East Greenbush, NY
Our continuation of the saga of our first boat...
My wife, Kristen, finally gets in touch with a real person at the home insurance company. "We're closed today. We'll have someone contact you tomorrow". Groovy!
We decided to cool off and go to the boat show. We go through the gate, and the first exhibitor is "The Sailboat Shop". They are displaying Precision trailerable sailboats. Their largest at the show, the Precision 23, gleamed white, with a broad blue stripe down the side. High above us, set upon its trailer, I recognize a boat with a pedigree. "It was designed by Jim Taylor," said Steve from The Sailboat Shop. "That's the same guy who designs Sabre's and Americas Cup Boats."
I've been looking at Catalina and Hunter sailboats until now. Nothing against them - they are living rooms that float - just a different kind of boat. They didn't ignite any passion in me. The Precision 23, on the other hand, looked like a real sailor's boat. Did it have an enclosed head? Nope. How about lots of headroom? Nope. But it was beautiful and, as I would find out later, a great boat to sail and learn on. We swarmed all over it! The few pieces of brightwork were a nice touch. There was a huge lazarette, and I fit on the forward v-berth. It had a stove! All the comforts of home. The kids loved it. "Can we get it Dad?" they asked. "We can't afford a boat right now," I reply.
Ring! Ring! Back to reality. It's Kristen's brother. "I'm here with Dad and it's a mess! There's stuff everywhere, and it's over the base of your storage shelves, washer and dryer and lots of other stuff." Nifty. They offer to help clear out the basement and we take them up on it. In the meantime, the cleaning company has showed up and they start pumping out the water.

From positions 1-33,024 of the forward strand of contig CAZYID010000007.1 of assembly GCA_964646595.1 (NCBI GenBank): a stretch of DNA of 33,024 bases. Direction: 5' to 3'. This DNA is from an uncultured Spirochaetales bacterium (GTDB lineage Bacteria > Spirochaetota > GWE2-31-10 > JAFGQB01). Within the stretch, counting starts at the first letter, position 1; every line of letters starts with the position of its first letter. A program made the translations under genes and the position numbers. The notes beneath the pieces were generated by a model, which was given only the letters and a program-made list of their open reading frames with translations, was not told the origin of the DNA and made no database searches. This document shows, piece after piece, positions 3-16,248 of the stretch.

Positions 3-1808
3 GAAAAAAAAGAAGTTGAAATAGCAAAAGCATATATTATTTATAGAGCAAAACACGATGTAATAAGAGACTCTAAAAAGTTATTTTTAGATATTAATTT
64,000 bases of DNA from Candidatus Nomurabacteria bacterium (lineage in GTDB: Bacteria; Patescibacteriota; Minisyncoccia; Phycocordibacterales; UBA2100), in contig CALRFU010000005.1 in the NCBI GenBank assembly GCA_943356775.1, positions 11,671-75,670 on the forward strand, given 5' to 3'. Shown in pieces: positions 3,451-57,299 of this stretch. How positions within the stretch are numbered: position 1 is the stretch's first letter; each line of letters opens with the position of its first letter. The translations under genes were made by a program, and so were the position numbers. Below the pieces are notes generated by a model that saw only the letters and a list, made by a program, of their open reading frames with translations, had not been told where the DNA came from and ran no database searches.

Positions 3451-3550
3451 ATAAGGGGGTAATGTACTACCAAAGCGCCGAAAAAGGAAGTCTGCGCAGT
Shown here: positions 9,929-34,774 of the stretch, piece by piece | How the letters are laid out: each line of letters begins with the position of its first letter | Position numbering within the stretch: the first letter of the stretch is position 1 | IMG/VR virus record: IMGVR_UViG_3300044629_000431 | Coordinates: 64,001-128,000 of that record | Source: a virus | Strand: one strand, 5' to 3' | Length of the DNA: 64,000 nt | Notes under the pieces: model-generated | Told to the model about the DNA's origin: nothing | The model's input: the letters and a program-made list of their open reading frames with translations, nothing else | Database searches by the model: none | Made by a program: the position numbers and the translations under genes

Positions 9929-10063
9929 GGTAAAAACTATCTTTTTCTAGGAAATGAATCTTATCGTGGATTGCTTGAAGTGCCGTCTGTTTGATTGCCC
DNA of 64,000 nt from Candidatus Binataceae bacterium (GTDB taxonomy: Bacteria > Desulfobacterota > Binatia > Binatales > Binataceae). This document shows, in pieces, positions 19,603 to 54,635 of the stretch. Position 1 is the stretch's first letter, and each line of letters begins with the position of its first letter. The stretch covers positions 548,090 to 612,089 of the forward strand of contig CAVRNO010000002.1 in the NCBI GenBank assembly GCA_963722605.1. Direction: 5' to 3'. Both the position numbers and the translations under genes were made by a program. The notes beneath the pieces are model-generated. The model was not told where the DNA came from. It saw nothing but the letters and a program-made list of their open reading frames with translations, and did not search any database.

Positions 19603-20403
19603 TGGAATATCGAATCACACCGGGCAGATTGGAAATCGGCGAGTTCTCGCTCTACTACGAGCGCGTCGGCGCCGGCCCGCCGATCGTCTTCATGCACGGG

Some may ask why we didn't head straight home. Well, it's a 7 hour drive at best, and it was noon, so by the time we got home - well, I don't know why we didn't leave right away, but we didn't. The cleaning company and Kristen's father and brother would have to whole basement cleaned out by the time we got home, at that point, so we decided to keep looking around the show.
I keep remembering all of the stuff stored on our storage shelves. Irreplacable family pictures. Instruments. Computer equipment. Heirlooms. Kristen wants to stay at the show so we can keep our minds off the destruction, but I finally decide we have to go home. 8 hours later, we're at home - fans going in the basement, placed by the cleaning company; our belongins piled hapharzadly in our garage; glops of paper and cardboard sealed together like paper mache; boxes dripping like water through a collander. It's not a pretty site. It turns out it wasn't even due to the rain - our washing machine pipe burst.
So here's where fate comes in. Two months later, after working with our insurance company, who turns out to be one of the best home insurers out there (their coverage and interest in helping us was wonderful!) we got a settlement check for the damage. It wasn't small either. One call to The Sailboat Shop and I find out that the boat we inspected in Annapolis was still for sale. And now it's parked in our driveway. So the boat we were standing on as we learned the news about the extent of the damage in our basement turned out to be the very boat we purchased with the funds from the settlement. Funny how life works.